Paper Finance and the Social Security System 2013.03.28
This paper focuses on the joint collection of claims (under both public and private law) owed to local governments and seeks to identify the types of joint collection practices through four examples (Kyoto Regional Tax Organization; Kobe City, Hyogo; Matsuura City, Nagasaki; and Akabira City, Hokkaido).
Today's local governments often suffer more from National Health Insurance premiums delinquency (taxes) than local tax delinquency. Various outstanding claims owed to local governments, such as unpaid medical bills for public hospitals and outstanding loans to small and medium sized enterprises have become a significant issue.
Since individual claims have their own dedicated departments, it would be best if claims could be collected by their respective department. However, recent economic conditions and the financial standing of local governments have required local governments to create every possible opportunity to collect claims and make a concerted collection effort across the organization (or together with other local governments).
The claims owed to local governments have a complex structure. There are examples of public claims that can be forcibly collected as local taxes, such as National Health Insurance premiums, nursing care insurance premiums, and day nursery fees. Another kind of public claim are those that cannot be forcibly collected, such as refunds of public assistance benefits and kindergarten fees. The latter are claims under private law, such as public housing rent, water charges, and loans. The approach to delinquencies depends on whether they are public claims subject to compulsory collection.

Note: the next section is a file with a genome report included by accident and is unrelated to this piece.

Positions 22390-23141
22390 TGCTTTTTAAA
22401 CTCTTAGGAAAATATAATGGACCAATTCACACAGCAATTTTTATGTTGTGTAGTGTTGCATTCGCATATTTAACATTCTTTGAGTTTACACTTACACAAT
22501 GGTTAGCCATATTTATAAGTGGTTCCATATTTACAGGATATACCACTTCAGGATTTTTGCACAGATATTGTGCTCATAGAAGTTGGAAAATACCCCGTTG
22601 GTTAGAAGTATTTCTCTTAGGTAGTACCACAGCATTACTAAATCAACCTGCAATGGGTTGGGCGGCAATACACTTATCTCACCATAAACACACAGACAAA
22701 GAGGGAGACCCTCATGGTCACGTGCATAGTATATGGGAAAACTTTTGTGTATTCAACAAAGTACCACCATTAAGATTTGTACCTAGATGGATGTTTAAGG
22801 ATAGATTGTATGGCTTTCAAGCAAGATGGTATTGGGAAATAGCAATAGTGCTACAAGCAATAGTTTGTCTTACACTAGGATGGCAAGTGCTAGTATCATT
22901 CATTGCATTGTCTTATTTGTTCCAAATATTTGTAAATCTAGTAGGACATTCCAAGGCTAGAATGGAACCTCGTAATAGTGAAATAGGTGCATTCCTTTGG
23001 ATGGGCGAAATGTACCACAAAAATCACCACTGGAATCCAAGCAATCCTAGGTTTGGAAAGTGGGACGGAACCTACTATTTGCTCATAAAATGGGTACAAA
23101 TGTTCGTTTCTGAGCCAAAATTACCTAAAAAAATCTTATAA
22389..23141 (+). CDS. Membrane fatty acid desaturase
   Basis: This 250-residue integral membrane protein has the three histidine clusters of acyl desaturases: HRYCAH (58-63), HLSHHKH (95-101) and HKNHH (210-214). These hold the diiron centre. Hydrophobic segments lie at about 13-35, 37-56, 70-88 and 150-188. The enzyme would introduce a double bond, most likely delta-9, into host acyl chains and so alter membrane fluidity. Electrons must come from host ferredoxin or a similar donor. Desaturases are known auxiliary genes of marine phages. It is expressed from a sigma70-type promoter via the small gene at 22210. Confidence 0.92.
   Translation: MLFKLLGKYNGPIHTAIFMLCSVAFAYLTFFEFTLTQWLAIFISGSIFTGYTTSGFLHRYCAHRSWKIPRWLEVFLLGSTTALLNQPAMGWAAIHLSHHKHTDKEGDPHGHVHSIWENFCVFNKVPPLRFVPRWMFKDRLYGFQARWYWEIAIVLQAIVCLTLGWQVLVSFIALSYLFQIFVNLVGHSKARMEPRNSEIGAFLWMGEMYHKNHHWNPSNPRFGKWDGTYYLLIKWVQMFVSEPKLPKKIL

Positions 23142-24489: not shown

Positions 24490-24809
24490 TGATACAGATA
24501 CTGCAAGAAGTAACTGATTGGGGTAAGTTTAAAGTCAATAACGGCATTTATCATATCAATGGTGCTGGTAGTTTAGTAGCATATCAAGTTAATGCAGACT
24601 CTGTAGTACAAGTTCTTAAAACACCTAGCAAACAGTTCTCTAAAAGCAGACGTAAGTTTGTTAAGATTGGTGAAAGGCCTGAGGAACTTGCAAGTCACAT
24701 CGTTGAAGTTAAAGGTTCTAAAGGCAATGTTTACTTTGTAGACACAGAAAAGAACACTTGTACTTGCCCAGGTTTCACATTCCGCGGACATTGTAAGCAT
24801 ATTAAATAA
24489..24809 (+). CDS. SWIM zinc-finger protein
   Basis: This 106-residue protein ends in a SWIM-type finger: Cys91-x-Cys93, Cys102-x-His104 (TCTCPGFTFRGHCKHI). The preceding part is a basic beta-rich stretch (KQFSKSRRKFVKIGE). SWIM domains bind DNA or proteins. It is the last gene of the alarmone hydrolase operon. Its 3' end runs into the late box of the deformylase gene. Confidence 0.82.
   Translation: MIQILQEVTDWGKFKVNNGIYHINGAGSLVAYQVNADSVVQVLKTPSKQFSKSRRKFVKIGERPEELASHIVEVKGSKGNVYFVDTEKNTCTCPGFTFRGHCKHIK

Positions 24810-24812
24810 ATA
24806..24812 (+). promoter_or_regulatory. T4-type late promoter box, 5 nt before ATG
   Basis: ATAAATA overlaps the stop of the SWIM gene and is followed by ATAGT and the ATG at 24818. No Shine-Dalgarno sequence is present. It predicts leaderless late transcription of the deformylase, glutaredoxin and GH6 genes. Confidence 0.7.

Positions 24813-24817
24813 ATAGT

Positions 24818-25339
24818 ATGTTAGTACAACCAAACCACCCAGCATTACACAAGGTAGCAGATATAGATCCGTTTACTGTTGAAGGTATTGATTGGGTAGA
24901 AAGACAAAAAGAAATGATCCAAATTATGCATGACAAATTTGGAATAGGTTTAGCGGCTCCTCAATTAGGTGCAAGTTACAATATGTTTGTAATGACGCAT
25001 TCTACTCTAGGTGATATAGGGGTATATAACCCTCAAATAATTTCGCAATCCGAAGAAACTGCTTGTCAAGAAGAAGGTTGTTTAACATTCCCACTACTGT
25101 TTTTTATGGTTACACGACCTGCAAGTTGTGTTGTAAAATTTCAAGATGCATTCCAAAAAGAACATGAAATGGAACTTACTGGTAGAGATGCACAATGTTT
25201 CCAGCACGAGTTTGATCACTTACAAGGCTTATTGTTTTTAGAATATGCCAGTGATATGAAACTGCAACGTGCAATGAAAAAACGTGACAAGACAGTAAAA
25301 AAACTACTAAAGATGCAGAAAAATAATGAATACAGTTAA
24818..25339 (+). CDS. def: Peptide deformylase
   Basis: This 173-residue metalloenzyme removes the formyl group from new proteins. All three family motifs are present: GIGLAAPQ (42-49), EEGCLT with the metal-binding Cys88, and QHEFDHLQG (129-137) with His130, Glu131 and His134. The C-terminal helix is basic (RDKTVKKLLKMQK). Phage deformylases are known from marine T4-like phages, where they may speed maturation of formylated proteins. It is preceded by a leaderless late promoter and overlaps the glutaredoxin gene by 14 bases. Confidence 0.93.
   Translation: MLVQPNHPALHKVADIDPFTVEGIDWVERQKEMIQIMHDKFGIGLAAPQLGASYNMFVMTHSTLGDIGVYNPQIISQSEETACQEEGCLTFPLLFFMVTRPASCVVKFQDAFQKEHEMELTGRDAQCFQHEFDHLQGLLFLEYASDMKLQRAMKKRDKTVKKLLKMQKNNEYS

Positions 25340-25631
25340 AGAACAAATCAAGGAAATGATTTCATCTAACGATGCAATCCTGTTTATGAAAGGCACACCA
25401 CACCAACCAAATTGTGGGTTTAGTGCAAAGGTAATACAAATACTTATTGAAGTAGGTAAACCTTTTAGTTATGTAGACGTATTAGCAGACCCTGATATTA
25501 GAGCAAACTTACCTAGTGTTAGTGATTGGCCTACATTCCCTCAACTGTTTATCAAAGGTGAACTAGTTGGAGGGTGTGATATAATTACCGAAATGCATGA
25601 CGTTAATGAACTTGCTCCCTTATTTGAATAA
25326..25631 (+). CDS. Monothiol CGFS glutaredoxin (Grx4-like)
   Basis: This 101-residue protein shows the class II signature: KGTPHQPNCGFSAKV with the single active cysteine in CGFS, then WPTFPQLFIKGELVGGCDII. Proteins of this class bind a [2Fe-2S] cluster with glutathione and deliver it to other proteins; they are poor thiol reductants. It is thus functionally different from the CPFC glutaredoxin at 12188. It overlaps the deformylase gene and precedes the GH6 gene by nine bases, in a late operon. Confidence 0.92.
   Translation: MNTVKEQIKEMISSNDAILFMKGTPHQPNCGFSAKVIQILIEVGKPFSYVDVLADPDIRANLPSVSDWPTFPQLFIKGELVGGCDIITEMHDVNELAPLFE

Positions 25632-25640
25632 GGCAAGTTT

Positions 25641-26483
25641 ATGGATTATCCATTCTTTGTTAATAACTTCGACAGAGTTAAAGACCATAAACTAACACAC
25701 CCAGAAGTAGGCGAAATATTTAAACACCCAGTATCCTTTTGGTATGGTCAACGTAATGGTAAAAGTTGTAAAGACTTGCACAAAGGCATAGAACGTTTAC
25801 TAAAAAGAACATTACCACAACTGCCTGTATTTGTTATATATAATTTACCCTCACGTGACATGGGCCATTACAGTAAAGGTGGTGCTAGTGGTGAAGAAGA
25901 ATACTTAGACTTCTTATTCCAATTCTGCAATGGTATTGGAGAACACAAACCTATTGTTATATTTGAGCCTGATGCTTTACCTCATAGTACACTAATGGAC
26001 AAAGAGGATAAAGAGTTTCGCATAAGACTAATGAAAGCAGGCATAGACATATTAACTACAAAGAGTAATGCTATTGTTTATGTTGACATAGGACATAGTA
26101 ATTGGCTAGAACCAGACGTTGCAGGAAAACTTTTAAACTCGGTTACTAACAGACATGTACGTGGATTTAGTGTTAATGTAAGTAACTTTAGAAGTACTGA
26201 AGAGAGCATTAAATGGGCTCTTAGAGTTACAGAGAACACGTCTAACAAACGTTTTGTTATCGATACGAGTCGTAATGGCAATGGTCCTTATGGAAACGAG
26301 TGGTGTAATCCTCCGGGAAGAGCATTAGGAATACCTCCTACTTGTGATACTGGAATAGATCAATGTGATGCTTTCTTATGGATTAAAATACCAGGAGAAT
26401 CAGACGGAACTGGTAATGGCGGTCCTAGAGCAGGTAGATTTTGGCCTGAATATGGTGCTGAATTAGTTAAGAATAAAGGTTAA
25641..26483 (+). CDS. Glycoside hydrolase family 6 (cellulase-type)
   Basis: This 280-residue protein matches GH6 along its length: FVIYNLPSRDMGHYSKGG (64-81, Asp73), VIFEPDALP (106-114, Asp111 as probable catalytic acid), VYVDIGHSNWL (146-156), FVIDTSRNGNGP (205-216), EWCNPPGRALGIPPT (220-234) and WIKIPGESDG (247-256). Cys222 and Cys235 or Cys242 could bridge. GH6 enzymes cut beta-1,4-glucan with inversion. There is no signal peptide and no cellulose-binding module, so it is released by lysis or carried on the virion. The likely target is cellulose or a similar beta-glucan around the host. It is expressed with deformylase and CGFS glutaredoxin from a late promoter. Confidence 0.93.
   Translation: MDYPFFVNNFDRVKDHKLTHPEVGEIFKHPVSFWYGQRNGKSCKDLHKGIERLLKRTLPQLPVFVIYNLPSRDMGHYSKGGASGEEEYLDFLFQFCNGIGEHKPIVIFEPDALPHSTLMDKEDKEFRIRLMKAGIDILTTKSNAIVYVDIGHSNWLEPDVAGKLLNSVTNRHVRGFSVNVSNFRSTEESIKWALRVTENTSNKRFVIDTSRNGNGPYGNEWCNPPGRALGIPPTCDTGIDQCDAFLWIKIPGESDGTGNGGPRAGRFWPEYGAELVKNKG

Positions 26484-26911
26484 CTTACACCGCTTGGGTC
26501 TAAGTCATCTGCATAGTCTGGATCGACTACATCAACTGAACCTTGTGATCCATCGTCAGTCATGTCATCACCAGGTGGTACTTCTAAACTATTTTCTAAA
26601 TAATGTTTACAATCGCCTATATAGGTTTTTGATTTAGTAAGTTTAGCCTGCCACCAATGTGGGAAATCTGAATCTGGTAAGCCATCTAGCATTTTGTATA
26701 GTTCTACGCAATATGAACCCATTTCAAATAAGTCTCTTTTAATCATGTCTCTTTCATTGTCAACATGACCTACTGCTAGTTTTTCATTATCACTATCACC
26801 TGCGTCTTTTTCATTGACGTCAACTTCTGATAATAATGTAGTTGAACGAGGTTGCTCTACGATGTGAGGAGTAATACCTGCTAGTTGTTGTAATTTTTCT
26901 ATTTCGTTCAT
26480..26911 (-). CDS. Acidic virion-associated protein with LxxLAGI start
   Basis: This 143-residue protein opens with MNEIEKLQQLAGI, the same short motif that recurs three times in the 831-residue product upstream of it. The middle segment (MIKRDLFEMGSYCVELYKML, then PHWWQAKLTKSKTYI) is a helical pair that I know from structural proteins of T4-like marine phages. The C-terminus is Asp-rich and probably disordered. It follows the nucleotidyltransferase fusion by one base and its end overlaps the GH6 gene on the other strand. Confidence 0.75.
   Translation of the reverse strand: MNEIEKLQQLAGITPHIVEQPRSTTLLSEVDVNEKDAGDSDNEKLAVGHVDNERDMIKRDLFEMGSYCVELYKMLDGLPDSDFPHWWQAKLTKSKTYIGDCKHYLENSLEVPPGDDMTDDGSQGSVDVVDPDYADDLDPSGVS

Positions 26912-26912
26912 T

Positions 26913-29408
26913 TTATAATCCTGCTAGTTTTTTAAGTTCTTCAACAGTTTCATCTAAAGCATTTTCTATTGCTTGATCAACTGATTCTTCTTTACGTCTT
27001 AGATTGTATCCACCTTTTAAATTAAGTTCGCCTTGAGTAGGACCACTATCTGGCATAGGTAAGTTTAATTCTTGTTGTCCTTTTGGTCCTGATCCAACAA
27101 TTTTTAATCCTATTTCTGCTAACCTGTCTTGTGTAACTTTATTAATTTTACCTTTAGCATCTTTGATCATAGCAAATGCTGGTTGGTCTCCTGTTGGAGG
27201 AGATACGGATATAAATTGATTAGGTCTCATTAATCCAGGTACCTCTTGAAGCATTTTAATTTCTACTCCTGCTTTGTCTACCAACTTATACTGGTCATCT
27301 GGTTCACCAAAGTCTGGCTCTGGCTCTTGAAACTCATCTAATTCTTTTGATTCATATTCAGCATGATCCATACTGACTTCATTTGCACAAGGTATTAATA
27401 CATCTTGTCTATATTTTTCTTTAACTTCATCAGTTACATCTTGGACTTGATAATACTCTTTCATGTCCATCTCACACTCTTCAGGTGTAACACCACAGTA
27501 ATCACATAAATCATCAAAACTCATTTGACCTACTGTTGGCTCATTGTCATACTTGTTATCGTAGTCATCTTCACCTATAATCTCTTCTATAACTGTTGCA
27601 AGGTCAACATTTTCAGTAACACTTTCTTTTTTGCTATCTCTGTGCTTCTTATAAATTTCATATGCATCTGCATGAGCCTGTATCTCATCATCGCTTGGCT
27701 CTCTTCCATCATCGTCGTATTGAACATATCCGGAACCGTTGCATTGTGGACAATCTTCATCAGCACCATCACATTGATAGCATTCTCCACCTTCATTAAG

However, whether under public or private law, claims owed to the local government are simply viewed as debt payable to the local government from the viewpoint of the residents. In fact, few residents may understand the real structure of the claims as managed by the local government. Therefore, it would be more convenient to the residents if they could make all payments to the local government in one place. A single bill listing every outstanding payment to the local government for example would also be helpful.
The author believes that all kinds of claims owed to a local government should be consolidated into a single type of public claim that can be forcibly collected. Even if this is not viable, centralized collection is recommended because collection can technically be unified. Likewise, the author believes that joint imposition is viable if data transactions can be shared just like the different airlines work together in areas such as mileage cards or code share flights.
The author presented a classification of joint collection in the July 2009 issue of the monthly journal Zei (Tax). Since then, a number of local governments have put their original ideas into practice, creating many methods of joint collection. This paper will attempt to introduce and explain the current collection methods being used by local governments....